Progyny is launching a three-part webinar series to focus on men and infertility. For our first webinar, we explored the emotional impact of infertility on men. Infertility is often mischaracterized as a female issue, but it affects men too. And because of the stigma around it, men are often left to suffer in silence. We thought it was time to open the conversation about men and infertility. In this webinar we discussed how to ask for support, talk about the journey, and recover from a loss.
Journey to Fatherhood: Finding Support in the Journey
- Dan Bulger, Producer and Host of This is Infertility podcast
- Will Rivera II, Co-founder, Fertility in Colour for Men
- Denny Ceizyk, Author of Almost a Father
- Arthur J. McGrath, LCSW, CST, BCN, MPA, Psychotherapist
Introduction to the World of Infertility and Insurance
Although 1 in 8 couples experience infertility, one-third of infertility diagnoses are female-factor, one-third are male-factor, and the final third are categorized as unknown. This breakdown might be surprising since there isn’t much coverage of infertility in the news, and even if there is, the story often focuses on the female and leaves out the male. Receiving a diagnosis of infertility, sorting insurance if you don’t have Progyny coverage, and treatment itself can all emotionally challenging—for men and women. That’s why it’s important to hear from others about their journeys and find a community in which you can share your story.
Denny found dealing with a diagnosis of infertility very hard, as the romantic notion of having a child morphed into a clinical procedure where his only role was to provide a sample in a cup. He didn’t know how to support his wife through the procedures, as she was the one going through treatment and the physical pain associated while he was relegated to the side. On top of that, it was difficult to understand all the medical jargon, and the science behind it was overwhelming.
However, Denny made it his mission to be as involved as possible and took over handling the conversations with insurance. As he was self-employed, he had very little insurance coverage but that he did have was very hard to understand. It was especially difficult differentiating between what was a diagnostic exam and therefore covered, and fertility treatment and not covered. If the diagnostic claims were related to fertility, the insurance would try and deny the claims. For example, when his wife got a hysterosalpingogram (HSG), which is part of a routine exam, they would try and reject the claim based it being for fertility, so Denny spent a lot of time battling them. Understanding the insurance jargon itself was difficult, but it was even more complicated when insurance was unwilling to cover anything, even when it should’ve been covered.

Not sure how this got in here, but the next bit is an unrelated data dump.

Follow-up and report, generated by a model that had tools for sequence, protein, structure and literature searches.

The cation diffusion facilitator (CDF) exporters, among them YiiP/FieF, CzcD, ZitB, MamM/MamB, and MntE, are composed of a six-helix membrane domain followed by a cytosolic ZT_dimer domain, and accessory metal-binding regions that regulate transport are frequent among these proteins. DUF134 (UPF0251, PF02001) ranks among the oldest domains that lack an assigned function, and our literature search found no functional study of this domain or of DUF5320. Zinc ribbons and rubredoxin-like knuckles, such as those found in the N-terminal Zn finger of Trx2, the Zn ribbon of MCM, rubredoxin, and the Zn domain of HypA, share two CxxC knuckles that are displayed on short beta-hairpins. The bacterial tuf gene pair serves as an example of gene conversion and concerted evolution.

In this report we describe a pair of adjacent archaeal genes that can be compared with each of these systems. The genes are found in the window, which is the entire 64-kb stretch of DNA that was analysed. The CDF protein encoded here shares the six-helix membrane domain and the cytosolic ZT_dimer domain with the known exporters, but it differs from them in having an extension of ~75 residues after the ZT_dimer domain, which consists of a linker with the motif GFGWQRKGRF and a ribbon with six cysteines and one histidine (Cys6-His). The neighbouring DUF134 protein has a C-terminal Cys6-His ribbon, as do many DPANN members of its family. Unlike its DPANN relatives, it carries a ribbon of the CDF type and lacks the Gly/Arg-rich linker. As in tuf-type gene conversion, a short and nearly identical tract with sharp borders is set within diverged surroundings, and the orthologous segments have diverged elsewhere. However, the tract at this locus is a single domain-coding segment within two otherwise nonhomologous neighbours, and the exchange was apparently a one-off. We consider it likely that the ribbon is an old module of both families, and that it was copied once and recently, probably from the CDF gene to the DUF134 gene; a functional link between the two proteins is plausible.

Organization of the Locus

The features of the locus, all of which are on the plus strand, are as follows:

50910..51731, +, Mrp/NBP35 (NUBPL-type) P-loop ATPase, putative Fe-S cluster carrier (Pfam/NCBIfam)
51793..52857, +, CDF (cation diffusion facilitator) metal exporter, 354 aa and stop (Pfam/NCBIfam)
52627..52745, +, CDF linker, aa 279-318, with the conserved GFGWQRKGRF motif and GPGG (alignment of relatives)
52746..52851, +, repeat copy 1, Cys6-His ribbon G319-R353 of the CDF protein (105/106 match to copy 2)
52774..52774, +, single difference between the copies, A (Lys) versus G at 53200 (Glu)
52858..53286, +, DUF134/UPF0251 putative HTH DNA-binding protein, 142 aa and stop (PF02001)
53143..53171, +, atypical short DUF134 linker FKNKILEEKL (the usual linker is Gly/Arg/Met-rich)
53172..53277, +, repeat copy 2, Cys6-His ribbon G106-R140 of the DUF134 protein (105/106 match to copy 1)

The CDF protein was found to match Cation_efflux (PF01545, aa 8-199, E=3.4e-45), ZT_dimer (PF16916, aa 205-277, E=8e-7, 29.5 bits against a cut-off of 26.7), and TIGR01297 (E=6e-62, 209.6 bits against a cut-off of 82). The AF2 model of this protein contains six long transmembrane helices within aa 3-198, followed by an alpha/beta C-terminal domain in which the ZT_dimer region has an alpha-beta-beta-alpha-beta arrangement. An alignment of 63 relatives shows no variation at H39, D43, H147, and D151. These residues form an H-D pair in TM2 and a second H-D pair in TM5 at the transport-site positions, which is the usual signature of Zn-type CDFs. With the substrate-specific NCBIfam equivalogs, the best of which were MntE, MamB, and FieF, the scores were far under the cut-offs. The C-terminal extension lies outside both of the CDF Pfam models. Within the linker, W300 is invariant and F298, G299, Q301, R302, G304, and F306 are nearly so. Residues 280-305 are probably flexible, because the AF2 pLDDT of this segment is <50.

Progyny members never have to worry about what is and isn’t covered. If you’re a Progyny member, call your dedicated Patient Care Advocate to understand the full extent of your coverage.
Finding Emotional Support
Men are taught from a very young age to suppress their emotions, but particularly their negative emotions like sadness. This behavior is not something men grow out of—in fact it can be even harder to open up as an adult—but as a result, it’s hard to find support when going through something as emotionally trying as infertility.
Noticing your emotional state is very important when going through the family building process. If you feel yourself starting to get resentful or upset, that’s a good time to stop and talk with yourself or your partner and check in with your emotions and see why you’re feeling that way. If you have a partner, it’s really important to share your feelings with them on the journey and let them know if you’re having trouble. Your partner is also a support system for you on the journey just as much as a support person for them. Feeling heard during this process is extremely important.